Pedro Julio Astacio was born November 28, 1969 in Pilar Rondon in the Dominican Republic. In 1987 the six foot two, right hander signed as a teenager with the Los Angeles Dodgers. He was known as “the Mule” debuting in 1992 after an uneventful minor league career.
In his rookie season, he went 5-5 posting an impressive 1.98 ERA. He was put into a starting role the next season, going 14-9 with a 3.57 ERA. His wins were best on the Dodgers staff that season. Astacio was third in the league in shutouts in both 1992 (4) & 1993 (2).
Pedro would pitch five and a half seasons in Los Angeles (1992-1997) striking out over 100 batters four times in those years. He pitched in two post seasons (1995 & 1996) with the Dodgers, pitching as both a starter & reliever. He appeared in three games of the 1995 NLCS loss to the Cincinnati Reds, pitching 3.1 relief innings allowing no runs.
In August of 1997 he was traded to the Colorado Rockies for Eric Young. There he would win 12 or more games in each of the three seasons he was with the Rockies.
In 1998 he was 13-14 posting a 623 ERA leading the league in earned runs (145) HRs allowed (45) & hit by pitches (17).
In 1999 he won 17 games (17-11) striking out a career high 210 batters (third in the NL) & posted a high ERA (504). He would allow the most HRs to NL hitters for the second straight year (39) with 130 earned runs & 75 walks allowed.
In 2000 he went 12-9 with a 5.27 ERA getting traded to the Houston Astros on July 31st. He left the Rockies as their all time strikeout leader with 749 Ks. Prior to the 2002 season he signed a $7 million contract with the New York Mets, although it was known he had arm issues.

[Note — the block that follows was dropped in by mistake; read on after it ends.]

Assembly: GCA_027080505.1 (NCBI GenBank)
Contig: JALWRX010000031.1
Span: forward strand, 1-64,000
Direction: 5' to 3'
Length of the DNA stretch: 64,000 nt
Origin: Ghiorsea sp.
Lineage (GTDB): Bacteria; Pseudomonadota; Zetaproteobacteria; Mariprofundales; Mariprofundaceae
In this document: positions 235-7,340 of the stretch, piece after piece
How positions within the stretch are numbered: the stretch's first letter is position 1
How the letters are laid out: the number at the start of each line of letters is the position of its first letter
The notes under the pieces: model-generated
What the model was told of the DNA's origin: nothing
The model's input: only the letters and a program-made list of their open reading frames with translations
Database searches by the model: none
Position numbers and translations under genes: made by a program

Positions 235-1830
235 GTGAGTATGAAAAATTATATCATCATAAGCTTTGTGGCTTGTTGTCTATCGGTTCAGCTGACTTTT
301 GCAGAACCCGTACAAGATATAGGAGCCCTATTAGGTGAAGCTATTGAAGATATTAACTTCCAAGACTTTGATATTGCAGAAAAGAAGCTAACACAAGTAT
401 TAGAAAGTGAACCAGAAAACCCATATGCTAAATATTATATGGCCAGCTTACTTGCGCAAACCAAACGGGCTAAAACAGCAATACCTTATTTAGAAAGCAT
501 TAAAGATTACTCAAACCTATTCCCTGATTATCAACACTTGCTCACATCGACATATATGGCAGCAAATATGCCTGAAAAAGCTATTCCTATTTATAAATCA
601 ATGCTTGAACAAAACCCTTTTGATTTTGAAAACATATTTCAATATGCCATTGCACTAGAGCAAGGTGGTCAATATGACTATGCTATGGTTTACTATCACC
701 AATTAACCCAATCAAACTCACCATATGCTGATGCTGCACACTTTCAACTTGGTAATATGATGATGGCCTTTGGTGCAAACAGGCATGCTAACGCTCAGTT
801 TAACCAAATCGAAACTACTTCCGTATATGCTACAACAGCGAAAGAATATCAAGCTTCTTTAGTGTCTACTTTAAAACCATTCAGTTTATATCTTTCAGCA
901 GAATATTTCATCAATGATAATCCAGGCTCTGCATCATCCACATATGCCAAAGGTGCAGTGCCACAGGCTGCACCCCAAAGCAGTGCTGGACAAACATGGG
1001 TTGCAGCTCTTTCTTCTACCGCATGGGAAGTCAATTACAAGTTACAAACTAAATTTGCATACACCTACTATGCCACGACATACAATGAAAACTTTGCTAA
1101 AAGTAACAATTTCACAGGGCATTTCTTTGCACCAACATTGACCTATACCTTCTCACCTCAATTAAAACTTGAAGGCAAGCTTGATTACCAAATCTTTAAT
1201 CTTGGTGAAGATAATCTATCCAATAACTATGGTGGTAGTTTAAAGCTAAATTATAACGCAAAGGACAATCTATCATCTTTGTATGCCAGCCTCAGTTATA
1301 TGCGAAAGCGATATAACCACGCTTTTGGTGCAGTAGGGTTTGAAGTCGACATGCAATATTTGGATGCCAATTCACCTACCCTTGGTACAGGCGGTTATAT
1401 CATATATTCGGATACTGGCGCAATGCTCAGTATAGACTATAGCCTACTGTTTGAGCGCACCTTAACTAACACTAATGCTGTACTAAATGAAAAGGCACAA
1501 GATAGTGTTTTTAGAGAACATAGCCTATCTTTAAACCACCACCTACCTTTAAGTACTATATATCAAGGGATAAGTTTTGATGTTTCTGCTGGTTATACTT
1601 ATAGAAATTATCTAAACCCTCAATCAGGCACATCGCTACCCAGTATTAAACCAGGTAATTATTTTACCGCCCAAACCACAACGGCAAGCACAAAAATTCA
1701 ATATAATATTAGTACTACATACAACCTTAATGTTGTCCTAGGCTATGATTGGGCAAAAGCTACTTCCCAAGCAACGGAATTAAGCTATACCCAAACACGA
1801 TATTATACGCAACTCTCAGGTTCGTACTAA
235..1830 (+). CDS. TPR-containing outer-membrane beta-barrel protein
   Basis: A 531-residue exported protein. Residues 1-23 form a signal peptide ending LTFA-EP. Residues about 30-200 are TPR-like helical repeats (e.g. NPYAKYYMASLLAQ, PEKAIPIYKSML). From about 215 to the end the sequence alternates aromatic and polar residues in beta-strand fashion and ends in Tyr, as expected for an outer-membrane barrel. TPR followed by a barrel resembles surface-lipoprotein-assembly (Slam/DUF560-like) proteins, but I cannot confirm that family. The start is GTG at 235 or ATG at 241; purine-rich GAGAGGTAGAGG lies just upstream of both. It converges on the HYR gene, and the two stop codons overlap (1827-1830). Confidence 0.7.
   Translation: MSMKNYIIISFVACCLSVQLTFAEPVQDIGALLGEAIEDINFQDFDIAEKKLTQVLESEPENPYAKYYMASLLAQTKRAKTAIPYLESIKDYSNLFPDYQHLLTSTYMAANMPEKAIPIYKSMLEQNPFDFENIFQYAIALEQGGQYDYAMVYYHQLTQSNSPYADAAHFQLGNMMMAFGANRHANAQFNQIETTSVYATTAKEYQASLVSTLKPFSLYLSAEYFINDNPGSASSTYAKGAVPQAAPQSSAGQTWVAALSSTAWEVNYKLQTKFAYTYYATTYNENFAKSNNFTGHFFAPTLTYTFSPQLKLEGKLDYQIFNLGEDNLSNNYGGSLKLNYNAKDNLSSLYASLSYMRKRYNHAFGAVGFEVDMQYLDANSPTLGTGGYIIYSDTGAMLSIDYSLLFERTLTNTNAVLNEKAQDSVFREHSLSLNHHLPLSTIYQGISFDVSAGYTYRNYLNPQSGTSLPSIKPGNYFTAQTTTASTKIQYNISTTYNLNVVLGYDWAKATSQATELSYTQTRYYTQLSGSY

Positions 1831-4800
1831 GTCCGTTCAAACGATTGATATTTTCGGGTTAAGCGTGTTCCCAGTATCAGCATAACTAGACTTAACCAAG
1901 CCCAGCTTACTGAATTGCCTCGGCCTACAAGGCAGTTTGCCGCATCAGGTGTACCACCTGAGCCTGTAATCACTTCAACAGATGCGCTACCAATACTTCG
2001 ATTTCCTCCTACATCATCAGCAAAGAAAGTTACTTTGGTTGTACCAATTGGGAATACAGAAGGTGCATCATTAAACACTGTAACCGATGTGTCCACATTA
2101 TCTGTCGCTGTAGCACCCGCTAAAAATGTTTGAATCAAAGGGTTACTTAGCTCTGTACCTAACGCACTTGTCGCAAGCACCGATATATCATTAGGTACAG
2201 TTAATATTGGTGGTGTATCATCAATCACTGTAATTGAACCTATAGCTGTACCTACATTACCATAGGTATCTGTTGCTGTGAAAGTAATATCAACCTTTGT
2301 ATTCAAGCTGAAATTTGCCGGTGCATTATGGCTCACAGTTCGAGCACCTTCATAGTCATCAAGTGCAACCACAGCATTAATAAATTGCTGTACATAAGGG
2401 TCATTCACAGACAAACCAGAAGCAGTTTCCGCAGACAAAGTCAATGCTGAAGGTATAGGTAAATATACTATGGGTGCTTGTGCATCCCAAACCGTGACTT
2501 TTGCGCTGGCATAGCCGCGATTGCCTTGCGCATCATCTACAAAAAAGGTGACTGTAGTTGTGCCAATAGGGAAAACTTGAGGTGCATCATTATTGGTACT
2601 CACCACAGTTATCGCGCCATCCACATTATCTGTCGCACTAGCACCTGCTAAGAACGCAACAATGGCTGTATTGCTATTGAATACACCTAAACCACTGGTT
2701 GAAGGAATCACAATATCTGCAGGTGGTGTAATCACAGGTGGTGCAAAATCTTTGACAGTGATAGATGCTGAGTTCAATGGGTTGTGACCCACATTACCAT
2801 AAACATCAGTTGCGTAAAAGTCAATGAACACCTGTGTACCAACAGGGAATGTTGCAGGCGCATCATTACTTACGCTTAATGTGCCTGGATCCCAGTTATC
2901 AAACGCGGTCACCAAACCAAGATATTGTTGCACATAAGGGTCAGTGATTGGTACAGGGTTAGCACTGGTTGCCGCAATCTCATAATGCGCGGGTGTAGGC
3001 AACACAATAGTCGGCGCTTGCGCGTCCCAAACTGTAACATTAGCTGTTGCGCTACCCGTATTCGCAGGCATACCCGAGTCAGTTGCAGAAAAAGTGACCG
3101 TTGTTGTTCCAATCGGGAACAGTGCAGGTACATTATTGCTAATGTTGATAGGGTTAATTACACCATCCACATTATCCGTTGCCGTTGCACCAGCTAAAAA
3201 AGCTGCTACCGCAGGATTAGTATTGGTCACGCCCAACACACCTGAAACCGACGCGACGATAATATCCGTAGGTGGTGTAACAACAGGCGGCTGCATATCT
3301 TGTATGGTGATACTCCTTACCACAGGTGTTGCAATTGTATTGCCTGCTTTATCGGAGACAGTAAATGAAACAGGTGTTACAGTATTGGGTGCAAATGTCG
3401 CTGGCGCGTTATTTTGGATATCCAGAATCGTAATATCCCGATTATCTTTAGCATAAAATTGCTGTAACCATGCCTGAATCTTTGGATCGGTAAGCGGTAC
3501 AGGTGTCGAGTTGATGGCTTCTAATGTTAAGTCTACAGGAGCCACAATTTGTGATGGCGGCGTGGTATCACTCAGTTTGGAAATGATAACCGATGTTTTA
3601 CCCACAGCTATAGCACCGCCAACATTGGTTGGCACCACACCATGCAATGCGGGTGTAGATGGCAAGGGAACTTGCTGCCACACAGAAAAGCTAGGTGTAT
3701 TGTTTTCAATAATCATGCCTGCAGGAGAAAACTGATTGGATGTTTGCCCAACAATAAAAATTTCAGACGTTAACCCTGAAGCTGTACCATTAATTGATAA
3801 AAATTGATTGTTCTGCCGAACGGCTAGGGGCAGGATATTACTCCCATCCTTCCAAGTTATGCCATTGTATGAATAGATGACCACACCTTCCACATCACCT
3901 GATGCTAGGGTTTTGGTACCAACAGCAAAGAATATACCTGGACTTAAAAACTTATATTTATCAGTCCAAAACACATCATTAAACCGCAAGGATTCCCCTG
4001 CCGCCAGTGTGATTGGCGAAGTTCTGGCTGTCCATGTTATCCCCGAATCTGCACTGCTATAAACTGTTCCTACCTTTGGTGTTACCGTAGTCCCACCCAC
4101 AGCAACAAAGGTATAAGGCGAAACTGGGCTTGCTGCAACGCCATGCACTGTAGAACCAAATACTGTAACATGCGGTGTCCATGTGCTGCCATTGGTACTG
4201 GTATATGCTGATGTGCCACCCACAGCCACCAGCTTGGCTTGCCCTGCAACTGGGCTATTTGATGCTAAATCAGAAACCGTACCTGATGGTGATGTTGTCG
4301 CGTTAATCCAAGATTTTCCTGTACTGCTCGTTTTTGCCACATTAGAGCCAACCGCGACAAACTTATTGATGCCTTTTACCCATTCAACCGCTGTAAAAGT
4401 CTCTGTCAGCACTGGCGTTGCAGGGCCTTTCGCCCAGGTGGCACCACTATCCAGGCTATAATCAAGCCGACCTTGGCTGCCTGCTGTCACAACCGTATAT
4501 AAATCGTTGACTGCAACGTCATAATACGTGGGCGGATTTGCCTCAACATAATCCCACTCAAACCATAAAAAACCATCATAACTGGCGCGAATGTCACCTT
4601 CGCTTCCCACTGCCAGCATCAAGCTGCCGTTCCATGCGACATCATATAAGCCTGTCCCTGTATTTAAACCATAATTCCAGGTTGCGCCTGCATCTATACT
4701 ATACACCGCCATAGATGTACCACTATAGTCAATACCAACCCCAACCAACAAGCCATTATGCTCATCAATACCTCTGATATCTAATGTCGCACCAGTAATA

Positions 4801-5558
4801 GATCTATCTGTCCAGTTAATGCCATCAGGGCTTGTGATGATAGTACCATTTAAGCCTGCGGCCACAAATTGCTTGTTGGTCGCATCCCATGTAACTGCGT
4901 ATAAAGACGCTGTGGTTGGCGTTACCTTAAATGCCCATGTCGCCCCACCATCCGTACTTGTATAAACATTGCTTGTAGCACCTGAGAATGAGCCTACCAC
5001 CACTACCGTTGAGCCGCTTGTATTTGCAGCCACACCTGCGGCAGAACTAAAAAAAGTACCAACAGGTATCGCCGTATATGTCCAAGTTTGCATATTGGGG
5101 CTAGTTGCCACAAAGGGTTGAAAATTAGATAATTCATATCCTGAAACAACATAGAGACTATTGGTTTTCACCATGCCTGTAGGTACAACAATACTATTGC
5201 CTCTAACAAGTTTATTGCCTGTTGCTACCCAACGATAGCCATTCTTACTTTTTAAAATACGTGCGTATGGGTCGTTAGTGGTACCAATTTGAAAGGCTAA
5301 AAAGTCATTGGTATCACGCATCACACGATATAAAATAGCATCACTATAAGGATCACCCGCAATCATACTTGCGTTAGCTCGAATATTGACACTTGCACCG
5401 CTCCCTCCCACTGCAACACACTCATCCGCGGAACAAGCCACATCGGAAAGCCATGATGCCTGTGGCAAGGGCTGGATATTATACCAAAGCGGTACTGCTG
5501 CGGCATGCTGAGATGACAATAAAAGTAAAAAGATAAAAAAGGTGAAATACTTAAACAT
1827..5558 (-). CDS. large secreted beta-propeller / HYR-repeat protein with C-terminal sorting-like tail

In his first Mets start he beat the Braves in Atlanta, pitching 6.2 innings allowing just three runs. Next he won a 3-2 game at Wrigley Field, pitching into the 8th inning.
Then in his Shea Stadium debut, he pitched a one run complete game against the Braves striking out eight batters. By the start of May he won his fifth game finding himself at 5-1 with 34 strikeouts & 2.54 ERA. On May 14th, he pitched a two hit shut out in Los Angeles beating his old Dodger team mates 2-0. After a quiet June, he won five straight in July.
Astacio was 10-3 by the All Star break, among the league leaders in wins, strike outs & ERA. The Mets looked as though they had made a good pick up, when wheels fell off in August. He went 1-5 in the month allowing 28 earned runs & six HRS in the month.
He went 1-3 in September allowing 29 earned runs, finishing up the year at 12-11, only one win shy of the team lead held by Al Leiter. Pedro struck out 152 batters in 192 innings, posting a 4.79 ERA. He 63 walks led the league in hit by pitches (16) & for the third time in his career allowed the most HRs in the league (32).
The next season he started out on the DL & would only pitch in seven games going 3-2 with a horrible 7.36 ERA. He walked 18 batters, allowing 47 hits and gave up 30 runs in 36 innings pitched. He tore his labrum and was done for the season by the end of May. He finished his Mets career at 13-15 with a 5.20 ERA.
In 2004 he briefly appeared in five games for the World Champion Boston Red Sox then went to Texas, San Diego & Washington finishing his career in 2006.
In a 15 year career Astacio went 129-1224 with a 4.67 ERA, 1664 strike outs,726 walks in 392 games. He allowed 291 HRs hit 111 batters & walked 726 men in 2196 innings in 392 games.
Retirement: Pedro his wife & have three children & live on a ranch one mile away from Armando Benitez in the Dominican Republic. He is also an amateur Jai Lai player and has applied for Pakistani citizenship so he may compete in the annual National Jai Lai Championships there.